Installing power lines in a neighborhood and setting up the wiring for houses has been under a bit of a microscope for the past few years as the push to put power lines underground garners more interest. So much above the ground can damage power lines and cause blackouts — not to mention that a falling, live line can spark fires, as has happened in California in the U.S. — that putting power lines underground can seem like the sensible thing to do. It's not as simple as that, however, because the type of line and the type of area all influence how feasible it really is to place a power line underground.
What's Your Budget?
First, you need to consider money. Underground lines are expensive. You have to dig a trench (which in itself can be expensive if the ground is rocky or consists of clay soil), determine what sort of insulation you need for the wires, bury the wires, and then dig them up again when you need to repair or replace them. Contrast that with aboveground lines, where you install a pole and drape standard wiring between that pole and another or attach it to a building. If you're trying to keep costs low and just don't have the money for underground lines, those lines will be installed aboveground.
Are You in an Area With a High Flooding Risk?
Natural disasters are a real problem for power lines no matter where they're installed. While some disasters, like lightning storms and high winds, affect mainly aboveground lines, and some disasters, like earthquakes, affect both types of lines, flooding has a particularly bad effect on underground lines. A flood may still leave a power pole standing and not take down any wiring, but that same flood can erode soil and shift or break the underground line once it's exposed. You can't always predict how a flood will affect an underground line, but the risks are known and real.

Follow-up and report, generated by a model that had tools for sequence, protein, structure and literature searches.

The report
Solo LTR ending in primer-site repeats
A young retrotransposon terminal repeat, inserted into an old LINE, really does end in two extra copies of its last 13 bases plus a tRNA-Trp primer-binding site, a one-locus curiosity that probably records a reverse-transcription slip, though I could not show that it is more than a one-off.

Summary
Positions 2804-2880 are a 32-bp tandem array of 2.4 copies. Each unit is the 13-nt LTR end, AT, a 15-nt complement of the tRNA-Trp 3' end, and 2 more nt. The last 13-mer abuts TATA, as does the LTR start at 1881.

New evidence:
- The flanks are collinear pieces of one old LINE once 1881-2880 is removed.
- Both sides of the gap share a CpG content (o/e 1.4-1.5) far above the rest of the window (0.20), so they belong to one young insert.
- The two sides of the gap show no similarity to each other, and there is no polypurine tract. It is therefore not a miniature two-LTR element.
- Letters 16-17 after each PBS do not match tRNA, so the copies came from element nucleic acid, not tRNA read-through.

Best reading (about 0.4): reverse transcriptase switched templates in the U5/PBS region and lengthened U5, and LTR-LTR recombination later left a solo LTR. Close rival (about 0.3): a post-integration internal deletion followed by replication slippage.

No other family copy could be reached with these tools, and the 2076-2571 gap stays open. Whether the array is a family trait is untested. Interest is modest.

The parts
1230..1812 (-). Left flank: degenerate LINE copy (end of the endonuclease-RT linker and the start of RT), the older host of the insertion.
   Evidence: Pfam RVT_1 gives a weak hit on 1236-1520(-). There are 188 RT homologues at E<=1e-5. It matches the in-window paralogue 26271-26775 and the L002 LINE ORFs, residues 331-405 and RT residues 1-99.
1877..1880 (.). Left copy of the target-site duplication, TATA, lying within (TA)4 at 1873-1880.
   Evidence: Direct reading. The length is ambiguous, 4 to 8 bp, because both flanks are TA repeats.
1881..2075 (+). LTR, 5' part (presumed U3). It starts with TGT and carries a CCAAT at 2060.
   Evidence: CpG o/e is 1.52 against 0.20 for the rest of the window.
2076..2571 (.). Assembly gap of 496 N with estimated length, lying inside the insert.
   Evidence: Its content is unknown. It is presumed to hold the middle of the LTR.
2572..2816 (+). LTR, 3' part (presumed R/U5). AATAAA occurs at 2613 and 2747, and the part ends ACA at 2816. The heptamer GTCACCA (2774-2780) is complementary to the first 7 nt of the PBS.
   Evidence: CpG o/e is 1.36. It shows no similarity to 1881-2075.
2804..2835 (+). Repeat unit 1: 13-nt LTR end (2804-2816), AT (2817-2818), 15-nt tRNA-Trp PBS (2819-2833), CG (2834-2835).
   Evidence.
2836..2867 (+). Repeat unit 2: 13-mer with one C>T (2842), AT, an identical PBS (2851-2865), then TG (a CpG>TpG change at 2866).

Which Lines Are You Thinking of Placing Underground?
Another issue is that some lines, mainly high-voltage lines, get very hot as they transmit power. You'd think the ground could absorb that, but the heat isn't the main issue. When a line overheats, it can move, and overheating underground lines often move up. These lines need to be insulated carefully, or any underground line placement has to be restricted to low-voltage lines (which still need to be insulated but are easier to deal with).
You need an electrician to properly plan power installation for both exterior lines and interior wiring. Start consulting with electricians who offer power installation services during the design phase of your project to ensure you have enough time to work out all the details.